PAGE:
WASHINGTON – Anthony Chaudhuri and Margaret Chaudhuri, of Naples, Fla. were indicted by a federal grand jury on Aug. 8, 2011, in Detroit, with one count of conspiracy to defraud the United States, 11 counts of failure to account for and pay over employment taxes and one count of corruptly endeavoring to obstruct or impede the due administration of the Internal Revenue laws, the Justice Department and the Internal Revenue Service (IRS) announced today. The Chaudhuris appeared in U.S. District Court today for arraignment.
The indictment alleges that Anthony and Margaret Chaudhuri owned and operated a hospital inventory control software company under the name Ariel Computing and various other nominee names, including ADI. Ariel Computing was operated from various addresses in Ann Arbor, Mich. The indictment alleges that between 1996 and 2008 the Chaudhuris withheld approximately $888,353.23 in employment taxes from Ariel Computing employees, but failed to pay over to the IRS approximately $600,984.11 of these withheld taxes. Instead, the Chaudhuris used these monies on business expenses, employee salaries and personal expenses.
The indictment further alleges that between 2004 and 2007, Anthony Chaudhuri earned approximately $985,857.39 in income from Ariel Computing, yet failed to file any U.S. Individual Income Tax Return Form 1040 for the tax years 2004 through 2008, or pay any federal income tax due and owing in those years. Additionally, the indictment alleges that between 2005 and 2007, the Chaudhuris generated more than $2 million in income in the name of ADI, but failed to file any income tax return reporting that income. Instead, in an effort to obstruct and impede the due administration of the Internal Revenue laws, the Chaudhuris committed a number of corrupt endeavors, including making false statements to the IRS misrepresenting their income and the source of their income, using nominee bank accounts, issuing false and fraudulent Forms W-2 to Ariel Computing employees and failing to file individual tax returns.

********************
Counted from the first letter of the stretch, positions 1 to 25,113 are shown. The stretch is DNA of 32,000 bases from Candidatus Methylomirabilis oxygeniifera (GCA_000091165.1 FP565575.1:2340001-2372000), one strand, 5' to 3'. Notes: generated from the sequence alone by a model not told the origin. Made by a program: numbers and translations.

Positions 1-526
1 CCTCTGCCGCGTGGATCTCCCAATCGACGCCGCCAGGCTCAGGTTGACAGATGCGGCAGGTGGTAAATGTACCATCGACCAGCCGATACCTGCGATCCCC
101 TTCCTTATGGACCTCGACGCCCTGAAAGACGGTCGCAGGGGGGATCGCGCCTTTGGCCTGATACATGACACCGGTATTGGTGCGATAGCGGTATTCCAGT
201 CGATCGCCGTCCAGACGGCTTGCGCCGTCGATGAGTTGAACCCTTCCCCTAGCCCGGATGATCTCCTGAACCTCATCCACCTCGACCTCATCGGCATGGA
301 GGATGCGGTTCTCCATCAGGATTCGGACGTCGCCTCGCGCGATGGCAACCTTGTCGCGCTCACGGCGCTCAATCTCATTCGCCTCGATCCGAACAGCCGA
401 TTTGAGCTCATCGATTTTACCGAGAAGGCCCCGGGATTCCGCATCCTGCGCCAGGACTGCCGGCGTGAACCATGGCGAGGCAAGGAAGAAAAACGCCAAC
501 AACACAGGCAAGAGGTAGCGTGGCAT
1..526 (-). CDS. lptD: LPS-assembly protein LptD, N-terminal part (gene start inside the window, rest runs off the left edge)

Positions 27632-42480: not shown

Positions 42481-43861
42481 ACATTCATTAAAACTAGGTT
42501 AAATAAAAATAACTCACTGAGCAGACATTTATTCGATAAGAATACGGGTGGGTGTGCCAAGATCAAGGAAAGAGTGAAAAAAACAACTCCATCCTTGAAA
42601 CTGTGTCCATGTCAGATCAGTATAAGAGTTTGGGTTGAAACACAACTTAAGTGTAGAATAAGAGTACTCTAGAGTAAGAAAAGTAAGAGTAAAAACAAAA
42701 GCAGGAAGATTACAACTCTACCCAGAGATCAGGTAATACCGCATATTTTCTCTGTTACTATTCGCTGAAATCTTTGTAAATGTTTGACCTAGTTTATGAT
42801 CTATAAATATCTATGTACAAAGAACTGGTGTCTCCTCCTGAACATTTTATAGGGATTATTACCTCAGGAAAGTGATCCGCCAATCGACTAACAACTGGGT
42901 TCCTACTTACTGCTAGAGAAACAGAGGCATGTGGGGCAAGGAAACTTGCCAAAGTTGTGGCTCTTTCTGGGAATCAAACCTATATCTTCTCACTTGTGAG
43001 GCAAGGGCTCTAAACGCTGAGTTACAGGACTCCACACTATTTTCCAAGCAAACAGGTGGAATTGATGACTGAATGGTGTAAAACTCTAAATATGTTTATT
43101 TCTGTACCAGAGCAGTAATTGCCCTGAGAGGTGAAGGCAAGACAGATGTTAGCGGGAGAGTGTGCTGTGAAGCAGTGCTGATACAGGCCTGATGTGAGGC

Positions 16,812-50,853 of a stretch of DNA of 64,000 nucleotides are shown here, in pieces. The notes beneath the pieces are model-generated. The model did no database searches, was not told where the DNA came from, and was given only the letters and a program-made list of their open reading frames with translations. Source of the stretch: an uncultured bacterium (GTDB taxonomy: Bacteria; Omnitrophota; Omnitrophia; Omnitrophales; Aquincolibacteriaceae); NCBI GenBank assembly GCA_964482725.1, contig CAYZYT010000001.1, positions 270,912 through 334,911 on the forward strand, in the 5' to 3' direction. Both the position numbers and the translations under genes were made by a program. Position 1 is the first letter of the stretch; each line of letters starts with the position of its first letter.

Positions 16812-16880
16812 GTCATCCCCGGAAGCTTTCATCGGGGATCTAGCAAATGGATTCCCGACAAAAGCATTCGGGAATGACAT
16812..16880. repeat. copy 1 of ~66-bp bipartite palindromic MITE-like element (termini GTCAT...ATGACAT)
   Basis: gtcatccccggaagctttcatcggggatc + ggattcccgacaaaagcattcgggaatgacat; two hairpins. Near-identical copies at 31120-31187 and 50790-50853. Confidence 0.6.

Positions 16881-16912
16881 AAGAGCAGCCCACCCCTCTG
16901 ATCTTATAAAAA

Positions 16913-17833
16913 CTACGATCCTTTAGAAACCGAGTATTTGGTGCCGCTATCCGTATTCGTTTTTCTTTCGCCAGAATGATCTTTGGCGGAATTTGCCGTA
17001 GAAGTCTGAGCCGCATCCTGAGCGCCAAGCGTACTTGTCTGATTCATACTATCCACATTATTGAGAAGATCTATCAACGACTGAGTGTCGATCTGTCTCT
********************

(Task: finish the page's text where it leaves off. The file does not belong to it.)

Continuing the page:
An indictment merely alleges that a crime has been committed, and a defendant is presumed innocent until proven guilty beyond a reasonable doubt.
If convicted, the Chaudhuris face a maximum of five years in prison and a $250,000 fine for the conspiracy charge and for each of the failure to account for and pay over employment tax charges and a maximum of three years in prison and a $250,000 fine for the corruptly endeavoring to obstruct or impede the due administration of the Internal Revenue laws charge.
The case was investigated by the IRS–Criminal Investigation and is being prosecuted by U.S. Department of Justice Tax Division.
More information about the Tax Division and its enforcement efforts can be found at www.justice.gov/tax .